At Inman Connect Las Vegas, the Ben Kinney Companies’ founder explained how to become recession-proof with smart spending, careful recruiting and an empathetic mindset.

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Serial entrepreneur Ben Kinney has created an enviable real estate career that began with a robust portfolio of tech and brokerage sales enterprises under Ben Kinney Companies and skyrocketed with his three-year-old tech and business services venture, Place, which garnered a $100 million investment from Goldman Sachs.

Despite all of his success, Kinney told the Inman Connect crowd that he hasn’t moved his eye away from “the bear on the hill.”

“I spent a lot of time in the woods as a kid and as an adult and there’s been a couple of times where I’ve looked up on the mountain, and there’s been a big, scary grizzly,” he said. “When you see a bear on a hill, you observe it, and you’re cautious, but you take pictures because it’s a really cool thing.”

“But when that bear is on the hill, we’re making a decision,” he added. “Is the bear going to come into camp? Or is the bear going to continue walking across the hill in the direction that it’s in? So all of us right now? I think we’d like to say that there isn’t a bear on the hill, but affordability hasn’t been this bad since 1996.”

Ben Kinney

Although the coming downturn isn’t projected to match the Great Recession, since the majority of homeowners have solid personal finances and have built up enough equity to sell instead of going into foreclosure, Kinney said that doesn’t mean the coming months won’t be rough.

“With affordability so bad and this kind of shift, I think that there’s a guaranteed 100 percent chance that we’re going into recession,” he said. “And I think it’s going to feel like the worst month that you’ve had in the last three years. So what you do is you ask yourself, ‘If I had the worst month, every month, could I survive?'”

To prepare, Kinney said real estate leaders must trim down their expenses, focus on recruiting competent sales and operational directors, get agents into production as fast as possible and improve their retention rates through tech, training, education and other benefits.

He also said brokers would be smart to focus on their middle agents — those who complete 18 to 36 transactions per year — during a recession since they’re most at risk of dropping out.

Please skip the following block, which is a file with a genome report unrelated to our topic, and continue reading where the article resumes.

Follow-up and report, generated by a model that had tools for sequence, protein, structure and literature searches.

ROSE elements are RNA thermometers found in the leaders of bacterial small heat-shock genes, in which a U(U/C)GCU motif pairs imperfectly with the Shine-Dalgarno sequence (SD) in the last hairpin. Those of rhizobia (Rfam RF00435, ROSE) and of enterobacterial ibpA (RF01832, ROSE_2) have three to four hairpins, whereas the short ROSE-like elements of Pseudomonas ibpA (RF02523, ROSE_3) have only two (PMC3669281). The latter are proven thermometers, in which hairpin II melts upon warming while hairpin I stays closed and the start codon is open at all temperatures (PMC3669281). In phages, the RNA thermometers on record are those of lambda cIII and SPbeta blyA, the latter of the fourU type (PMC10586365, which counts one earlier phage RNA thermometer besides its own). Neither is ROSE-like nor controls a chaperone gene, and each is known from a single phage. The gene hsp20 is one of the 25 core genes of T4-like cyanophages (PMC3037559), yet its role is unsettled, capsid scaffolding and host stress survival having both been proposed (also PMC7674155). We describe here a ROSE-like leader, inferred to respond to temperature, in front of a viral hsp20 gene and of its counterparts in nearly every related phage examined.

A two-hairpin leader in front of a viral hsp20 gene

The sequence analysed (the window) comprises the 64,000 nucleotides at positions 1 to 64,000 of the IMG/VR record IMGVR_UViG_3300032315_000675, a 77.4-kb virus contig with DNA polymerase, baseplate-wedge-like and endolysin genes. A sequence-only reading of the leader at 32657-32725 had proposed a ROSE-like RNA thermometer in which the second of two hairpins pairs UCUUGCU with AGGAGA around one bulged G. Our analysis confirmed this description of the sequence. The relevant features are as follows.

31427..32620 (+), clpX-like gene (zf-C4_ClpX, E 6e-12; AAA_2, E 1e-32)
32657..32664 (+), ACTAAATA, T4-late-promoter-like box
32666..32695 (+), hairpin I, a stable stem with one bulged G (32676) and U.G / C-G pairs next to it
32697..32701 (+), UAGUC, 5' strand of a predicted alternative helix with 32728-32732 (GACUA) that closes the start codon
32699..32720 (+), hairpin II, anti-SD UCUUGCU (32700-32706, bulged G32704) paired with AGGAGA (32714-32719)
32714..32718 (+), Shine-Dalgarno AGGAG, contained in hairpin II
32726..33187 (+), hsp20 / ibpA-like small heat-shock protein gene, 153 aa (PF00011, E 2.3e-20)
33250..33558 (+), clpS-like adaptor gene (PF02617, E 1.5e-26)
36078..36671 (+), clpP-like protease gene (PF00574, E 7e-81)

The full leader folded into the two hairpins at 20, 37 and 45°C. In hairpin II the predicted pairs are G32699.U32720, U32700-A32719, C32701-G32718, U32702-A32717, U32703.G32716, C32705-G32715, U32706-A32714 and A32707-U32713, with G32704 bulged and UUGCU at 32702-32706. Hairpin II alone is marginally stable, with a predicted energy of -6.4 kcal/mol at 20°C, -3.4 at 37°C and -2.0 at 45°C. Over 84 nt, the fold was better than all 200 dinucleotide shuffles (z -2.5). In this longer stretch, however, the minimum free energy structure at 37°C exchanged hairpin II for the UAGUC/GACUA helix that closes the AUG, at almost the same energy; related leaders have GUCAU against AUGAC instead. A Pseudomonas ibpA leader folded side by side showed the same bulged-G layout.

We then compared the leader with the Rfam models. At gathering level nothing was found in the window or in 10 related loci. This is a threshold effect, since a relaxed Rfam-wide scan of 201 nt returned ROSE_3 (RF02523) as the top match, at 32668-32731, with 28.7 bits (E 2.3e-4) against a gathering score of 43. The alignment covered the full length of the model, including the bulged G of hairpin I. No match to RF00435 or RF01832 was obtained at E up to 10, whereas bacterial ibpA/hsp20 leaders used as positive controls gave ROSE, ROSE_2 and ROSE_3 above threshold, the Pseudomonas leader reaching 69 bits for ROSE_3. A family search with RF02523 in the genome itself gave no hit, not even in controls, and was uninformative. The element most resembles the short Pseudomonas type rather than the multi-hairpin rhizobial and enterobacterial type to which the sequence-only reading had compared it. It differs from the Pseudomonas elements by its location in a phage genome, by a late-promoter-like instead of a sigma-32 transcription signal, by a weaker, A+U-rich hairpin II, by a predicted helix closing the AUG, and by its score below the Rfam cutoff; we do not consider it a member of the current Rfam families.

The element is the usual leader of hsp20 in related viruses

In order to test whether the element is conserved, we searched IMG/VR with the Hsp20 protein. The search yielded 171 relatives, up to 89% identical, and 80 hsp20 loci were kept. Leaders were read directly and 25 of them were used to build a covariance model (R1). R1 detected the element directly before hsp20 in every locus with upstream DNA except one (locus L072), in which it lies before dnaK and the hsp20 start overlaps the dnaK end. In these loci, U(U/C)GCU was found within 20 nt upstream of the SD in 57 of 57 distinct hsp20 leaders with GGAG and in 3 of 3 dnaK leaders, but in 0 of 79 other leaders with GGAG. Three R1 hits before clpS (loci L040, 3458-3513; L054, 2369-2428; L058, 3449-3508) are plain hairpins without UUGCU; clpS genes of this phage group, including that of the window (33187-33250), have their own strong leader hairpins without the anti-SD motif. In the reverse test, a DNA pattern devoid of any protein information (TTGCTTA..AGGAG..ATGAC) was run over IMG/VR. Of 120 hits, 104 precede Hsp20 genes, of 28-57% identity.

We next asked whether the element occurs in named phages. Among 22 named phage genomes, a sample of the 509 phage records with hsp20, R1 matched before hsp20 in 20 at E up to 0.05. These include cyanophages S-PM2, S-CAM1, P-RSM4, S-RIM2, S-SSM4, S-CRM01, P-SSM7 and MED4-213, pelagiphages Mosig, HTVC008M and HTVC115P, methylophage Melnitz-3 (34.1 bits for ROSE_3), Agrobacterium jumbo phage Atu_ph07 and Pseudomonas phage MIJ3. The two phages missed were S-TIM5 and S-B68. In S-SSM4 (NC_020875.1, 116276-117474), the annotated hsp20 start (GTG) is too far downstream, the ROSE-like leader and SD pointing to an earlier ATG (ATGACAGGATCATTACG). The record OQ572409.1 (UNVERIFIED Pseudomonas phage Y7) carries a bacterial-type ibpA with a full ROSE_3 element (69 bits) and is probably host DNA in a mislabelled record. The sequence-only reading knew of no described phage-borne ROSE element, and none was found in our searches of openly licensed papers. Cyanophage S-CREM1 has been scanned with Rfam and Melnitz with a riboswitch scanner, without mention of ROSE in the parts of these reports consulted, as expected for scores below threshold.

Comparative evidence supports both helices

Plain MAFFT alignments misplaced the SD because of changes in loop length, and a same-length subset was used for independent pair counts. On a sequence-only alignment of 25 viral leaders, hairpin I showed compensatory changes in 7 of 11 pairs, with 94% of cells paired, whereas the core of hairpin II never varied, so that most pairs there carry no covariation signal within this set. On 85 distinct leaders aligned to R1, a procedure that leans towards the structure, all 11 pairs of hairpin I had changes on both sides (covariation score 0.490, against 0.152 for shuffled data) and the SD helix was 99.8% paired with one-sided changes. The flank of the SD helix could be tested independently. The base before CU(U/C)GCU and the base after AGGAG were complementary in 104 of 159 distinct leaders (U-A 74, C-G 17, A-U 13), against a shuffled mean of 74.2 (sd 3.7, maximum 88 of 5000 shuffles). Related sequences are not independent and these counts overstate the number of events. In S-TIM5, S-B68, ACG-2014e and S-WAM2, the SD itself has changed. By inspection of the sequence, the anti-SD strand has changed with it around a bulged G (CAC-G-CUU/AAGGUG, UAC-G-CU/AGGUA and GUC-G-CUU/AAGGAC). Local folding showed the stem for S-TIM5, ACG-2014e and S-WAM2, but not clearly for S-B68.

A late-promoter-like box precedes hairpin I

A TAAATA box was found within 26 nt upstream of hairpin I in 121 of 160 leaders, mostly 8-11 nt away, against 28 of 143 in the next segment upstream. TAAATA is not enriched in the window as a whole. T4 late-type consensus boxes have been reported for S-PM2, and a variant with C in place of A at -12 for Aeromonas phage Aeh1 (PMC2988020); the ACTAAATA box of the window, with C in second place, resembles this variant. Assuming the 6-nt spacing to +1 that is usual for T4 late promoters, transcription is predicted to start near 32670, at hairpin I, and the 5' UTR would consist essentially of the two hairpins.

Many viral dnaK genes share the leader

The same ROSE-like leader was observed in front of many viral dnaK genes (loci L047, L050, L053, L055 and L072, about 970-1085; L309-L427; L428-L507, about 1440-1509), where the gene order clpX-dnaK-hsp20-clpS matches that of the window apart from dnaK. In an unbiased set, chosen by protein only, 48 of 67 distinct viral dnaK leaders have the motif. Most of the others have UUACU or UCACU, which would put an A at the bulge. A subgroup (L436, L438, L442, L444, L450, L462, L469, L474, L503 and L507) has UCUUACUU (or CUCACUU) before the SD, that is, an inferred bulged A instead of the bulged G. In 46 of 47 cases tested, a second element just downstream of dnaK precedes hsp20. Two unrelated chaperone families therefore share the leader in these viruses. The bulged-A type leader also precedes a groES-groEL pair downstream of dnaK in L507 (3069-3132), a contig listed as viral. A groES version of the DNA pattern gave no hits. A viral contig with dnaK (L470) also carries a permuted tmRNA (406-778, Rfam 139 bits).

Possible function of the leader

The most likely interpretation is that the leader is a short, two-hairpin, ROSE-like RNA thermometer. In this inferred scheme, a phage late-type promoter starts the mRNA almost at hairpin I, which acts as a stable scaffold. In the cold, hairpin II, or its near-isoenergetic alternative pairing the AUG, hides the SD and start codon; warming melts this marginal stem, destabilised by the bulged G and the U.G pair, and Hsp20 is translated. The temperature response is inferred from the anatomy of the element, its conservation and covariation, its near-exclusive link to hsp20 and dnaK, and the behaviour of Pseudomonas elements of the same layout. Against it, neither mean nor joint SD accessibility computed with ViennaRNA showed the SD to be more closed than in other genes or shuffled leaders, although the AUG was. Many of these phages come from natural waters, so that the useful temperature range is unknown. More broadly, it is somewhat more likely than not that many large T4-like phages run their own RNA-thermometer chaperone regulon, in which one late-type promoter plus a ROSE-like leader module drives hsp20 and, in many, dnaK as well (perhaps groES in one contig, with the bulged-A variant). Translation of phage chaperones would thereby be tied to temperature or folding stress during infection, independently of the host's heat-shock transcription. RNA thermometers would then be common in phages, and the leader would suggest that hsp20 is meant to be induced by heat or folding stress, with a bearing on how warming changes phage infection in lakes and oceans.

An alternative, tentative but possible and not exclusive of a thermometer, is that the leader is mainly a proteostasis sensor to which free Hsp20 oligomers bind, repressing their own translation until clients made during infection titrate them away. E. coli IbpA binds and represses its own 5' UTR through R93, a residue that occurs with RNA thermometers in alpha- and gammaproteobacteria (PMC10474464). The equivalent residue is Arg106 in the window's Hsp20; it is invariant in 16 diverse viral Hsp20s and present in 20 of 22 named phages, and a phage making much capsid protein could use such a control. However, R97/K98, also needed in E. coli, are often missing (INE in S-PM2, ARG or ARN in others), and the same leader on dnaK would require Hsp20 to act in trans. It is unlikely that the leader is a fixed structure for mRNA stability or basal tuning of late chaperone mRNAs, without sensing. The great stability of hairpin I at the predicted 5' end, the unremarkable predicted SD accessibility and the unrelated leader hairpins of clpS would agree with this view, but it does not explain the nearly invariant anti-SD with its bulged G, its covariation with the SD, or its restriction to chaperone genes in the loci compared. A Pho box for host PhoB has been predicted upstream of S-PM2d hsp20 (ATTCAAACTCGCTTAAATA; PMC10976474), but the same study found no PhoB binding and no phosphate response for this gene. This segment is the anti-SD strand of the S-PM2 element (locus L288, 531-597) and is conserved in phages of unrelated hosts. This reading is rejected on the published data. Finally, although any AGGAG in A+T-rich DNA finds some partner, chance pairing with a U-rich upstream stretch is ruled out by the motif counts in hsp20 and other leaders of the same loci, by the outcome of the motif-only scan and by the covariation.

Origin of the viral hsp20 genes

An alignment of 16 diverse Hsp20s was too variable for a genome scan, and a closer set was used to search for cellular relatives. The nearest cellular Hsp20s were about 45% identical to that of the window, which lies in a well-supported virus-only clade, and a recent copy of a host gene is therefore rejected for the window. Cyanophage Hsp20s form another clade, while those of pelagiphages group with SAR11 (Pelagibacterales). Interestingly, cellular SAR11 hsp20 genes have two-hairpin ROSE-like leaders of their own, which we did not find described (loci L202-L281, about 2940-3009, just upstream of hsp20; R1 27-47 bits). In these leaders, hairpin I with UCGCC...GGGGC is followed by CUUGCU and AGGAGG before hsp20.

“The bad agents suck during the good times; they’re fine,” he said. “The good agents can’t find a better job unless they’re doing something illegal like selling drugs or something that makes the same amount of money.”

“So it’s that middle agent, that heart of America [that completes] 18 to 36 transactions a year, that wakes up and says, ‘Hey [a] 20 or 30 percent reduction in my income means I have to get a job or I’ve got to cut expenses immediately, and those are the ones that are at risk — It’s not the bottom or the top.”

Tech entrepreneurs have another challenge to consider as venture capitalist firms tighten their pursestrings and slow the stream of six, seven and eight-figure investments.

“There are two types of tech entrepreneurs. There are ones that bootstrapped and had to make payroll like you and I have done in our career,” he told Inman founder Brad Inman. “When you do that, you teach yourself to hire based on the amount of revenue that you grow that month or that quarter that year, right?”

“Then there’s another group of entrepreneurs that have been taught by VCs and private equity to spend as much money as we can give you because we’ll give you more,” he added. “Then all of a sudden, they’re not keeping that promise of giving these people more money. And now they’re in a bad situation.”

Kinney said the latter group of entrepreneurs must take on a bootstrap mindset and use venture capital to pad their companies’ savings so they can succeed when times get lean.

“We did $140 million in top line last year [with] $22 million in net income,” he said of his conglomerate, Ben Kinney Companies. “This year we’ll do $300 million and top line and [have a] proportional amount of profit.”

“I haven’t spent into the money that Goldman gave us because we’re profitable,” he added. “So I’m kind of saving that for the apocalypse and right, it’ll be an opportunity for us to get into business with mergers and acquisitions.”

As the writing on the wall becomes clearer, Kinney said real estate professionals must focus on three things: Being empathetic, hard-working and kind.

“Walk with that consumer hand in hand through tough times,” he said. “I did it in 2008, 2009 and 2010, when people were committing suicide, when people were losing their house and people were getting divorces; it was a tough time.”

“My job was not to save them,” he added. “My job was to walk with them until we found an outcome that worked for them.”

Email Marian McPherson

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